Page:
Flack on Friday: Weber Shandwick, Vatican, Daily Mail, St Patrick's Day

In Flack this week: Weber Shandwick UK & EMEA chief Colin Byrne pours water on departure rumours, PR at the heart of 'Vatileaks' trial, and a jolly St Pat's knees up.

Colin is staying

One nugget of gossip doing the rounds in the PR rumour mill this week is the apparent imminent departure of Colin Byrne, UK & EMEA boss at Weber Shandwick, after more than two decades at the agency. Flack picked up on the rumour from a number of sources –including that he is targeting an academic position somewhere.

But the rumours are completely untrue, as Byrne himself confirmed in an email.

"I hear there are rumours amongst your colleagues that I might be thinking of jumping ship," he told Flack. "For the record after 20 years with Shandwick and Weber Shandwick I am enjoying it more than ever."

Byrne went on to say that Weber Shandwick had its "best year in EMEA ever last year", with 14 per cent revenue growth, and he spoke excitedly about expansion plans for Africa and new additions to the team (including the return of Tim Sutton as regional chairman). "So nope, no plans."

The lesson is: don't believe everything you hear.


Threepipe gets into the St Pat's spirit

Unsurprisingly, St Patrick's Day offers a great opportunity for brands to tap into a bit of good cheer, and this year was no exception.

On the agency front, Flack was impressed with Threepipe, which went all out to mark the occasion with an Irish-themed boozy picnic, fancy dress and Irish dancing. The office playlist was taken over for the day, belting out classics from the like of The Corrs, Westlife, Boyzone and Bewitched. 

Any excuse for a party.


Craic'ing stats and pint of The Black Stuff

Staying with the theme, St Patrick's Day saw Eulogy - owned by proud Irishman Adrian Brady - producing the Irish Directors Report. The report, launched at an event at the Irish Embassy in London, found there were more Irish directors of businesses in the UK (60,000 this year) than any other nationality, except English obviously. Even more encouragingly, Brady told the assembled great and good, more than two thirds of these Irish business leaders are women.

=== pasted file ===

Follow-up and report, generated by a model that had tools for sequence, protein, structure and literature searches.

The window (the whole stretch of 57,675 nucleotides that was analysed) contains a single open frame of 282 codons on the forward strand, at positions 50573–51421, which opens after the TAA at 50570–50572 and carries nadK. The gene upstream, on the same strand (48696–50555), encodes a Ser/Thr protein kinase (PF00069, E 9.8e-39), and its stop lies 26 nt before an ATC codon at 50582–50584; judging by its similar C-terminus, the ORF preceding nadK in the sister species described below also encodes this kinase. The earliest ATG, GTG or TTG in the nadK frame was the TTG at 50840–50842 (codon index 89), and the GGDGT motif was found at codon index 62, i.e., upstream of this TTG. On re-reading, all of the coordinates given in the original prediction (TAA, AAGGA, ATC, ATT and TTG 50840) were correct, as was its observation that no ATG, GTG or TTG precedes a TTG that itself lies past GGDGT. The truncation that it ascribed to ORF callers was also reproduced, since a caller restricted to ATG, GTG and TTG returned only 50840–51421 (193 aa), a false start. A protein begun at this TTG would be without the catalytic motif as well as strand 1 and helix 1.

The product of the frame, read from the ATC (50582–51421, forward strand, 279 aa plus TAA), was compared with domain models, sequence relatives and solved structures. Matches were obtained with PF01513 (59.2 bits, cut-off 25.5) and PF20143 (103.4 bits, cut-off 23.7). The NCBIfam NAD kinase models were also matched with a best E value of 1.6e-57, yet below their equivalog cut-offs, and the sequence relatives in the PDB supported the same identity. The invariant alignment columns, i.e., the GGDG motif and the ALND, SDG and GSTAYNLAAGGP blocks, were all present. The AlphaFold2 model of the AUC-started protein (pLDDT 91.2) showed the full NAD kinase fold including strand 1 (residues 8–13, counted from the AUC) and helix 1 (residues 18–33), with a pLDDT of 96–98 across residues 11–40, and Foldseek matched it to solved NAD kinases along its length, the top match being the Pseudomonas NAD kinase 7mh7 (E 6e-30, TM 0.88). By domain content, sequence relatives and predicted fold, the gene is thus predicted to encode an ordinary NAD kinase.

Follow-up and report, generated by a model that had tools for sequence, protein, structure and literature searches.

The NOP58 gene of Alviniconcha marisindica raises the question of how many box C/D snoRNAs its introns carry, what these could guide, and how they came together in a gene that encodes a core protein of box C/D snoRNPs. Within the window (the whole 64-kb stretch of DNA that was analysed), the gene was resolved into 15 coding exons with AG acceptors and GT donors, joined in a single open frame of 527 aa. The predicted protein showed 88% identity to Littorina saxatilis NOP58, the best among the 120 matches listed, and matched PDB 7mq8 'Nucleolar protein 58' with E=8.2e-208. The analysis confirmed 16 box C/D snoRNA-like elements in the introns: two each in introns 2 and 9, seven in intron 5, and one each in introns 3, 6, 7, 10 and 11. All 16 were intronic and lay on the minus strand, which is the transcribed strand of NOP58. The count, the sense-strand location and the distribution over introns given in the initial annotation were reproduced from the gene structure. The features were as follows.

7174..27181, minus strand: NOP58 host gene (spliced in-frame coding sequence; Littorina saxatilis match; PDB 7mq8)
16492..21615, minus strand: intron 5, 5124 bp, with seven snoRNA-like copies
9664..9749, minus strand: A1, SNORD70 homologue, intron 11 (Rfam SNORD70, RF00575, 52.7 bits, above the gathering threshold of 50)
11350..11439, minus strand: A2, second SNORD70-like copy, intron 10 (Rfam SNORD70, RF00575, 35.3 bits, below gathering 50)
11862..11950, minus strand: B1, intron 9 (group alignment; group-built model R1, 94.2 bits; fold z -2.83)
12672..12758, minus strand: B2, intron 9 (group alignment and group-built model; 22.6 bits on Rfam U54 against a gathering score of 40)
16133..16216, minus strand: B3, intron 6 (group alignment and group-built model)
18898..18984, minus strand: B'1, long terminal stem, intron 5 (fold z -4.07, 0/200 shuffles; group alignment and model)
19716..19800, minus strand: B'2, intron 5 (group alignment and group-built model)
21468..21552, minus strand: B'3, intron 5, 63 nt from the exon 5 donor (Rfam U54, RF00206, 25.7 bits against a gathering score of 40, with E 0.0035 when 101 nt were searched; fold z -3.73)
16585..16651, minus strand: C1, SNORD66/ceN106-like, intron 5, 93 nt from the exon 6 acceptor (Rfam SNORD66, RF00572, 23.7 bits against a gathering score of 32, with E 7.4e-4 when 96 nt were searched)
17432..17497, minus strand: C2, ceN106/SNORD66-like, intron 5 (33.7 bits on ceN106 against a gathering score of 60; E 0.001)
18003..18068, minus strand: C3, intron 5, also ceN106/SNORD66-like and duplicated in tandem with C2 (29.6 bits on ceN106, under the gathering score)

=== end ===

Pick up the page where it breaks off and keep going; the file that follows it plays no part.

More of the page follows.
Flack lapped up these awe-inspiring stats and listened intently to assembled speakers such as Keith Wood, CEO at W2 Consulting (and former Irish & Lions hooker) and Ronan Dunne, CEO at O2 Telefonica. But frankly, more fun could be had at the reception where PRWeek editor-in-chief Danny Rogers along with Dominic Mohan and Alan Edwards (pictured left to right) from the Outside Organisation had discovered the real secret to Irish success: Guinness.


PR femme fatale brings ‘Vatileaks’ trial to a halt

The so-called ‘Vatileaks’ trial, in which a Spanish priest stands accused of leaking classified documents that reveal irregularities in Vatican spending, has, of course, got a PR at the beating heart of the issue.

Monsignor Lucio Vallejo Balda admitted this week that he had leaked the documents to two journalists but claimed he had been blackmailed into it by Italian PR expert and co-accused Francesca Chaouqui, following a sexually charged relationship that culminated in a compromising encounter in a Florence hotel.

A categorical denial ensued from Chaouqui, who says that on the night in question, the priest confessed to her that he was gay. The trial has been adjourned until April but, whoever turns out to be telling the truth, the first law of PR has definitely been breached: never become the story.


Members with members

Advice to the Daily Mail on how to report the Budget without unnecessarily winding up half your audience: 101 – try not to pass off a picture of George Osborne talking to the Tory front bench ahead of his speech as an attempt by the Chancellor to cop an eye-full of Theresa May’s décolletage.

Yes, with issues affecting the very fate of the country and its finances, the Mail managed to highlight the fact that women, indeed female Home Secretaries, have breasts. A scoop by anyone’s standards. What next? Members with members? You see; we can all do it but that doesn't mean it’s clever or funny, so stop sniggering. Cue sighs of desperation by those who were unimpressed by the coverage.

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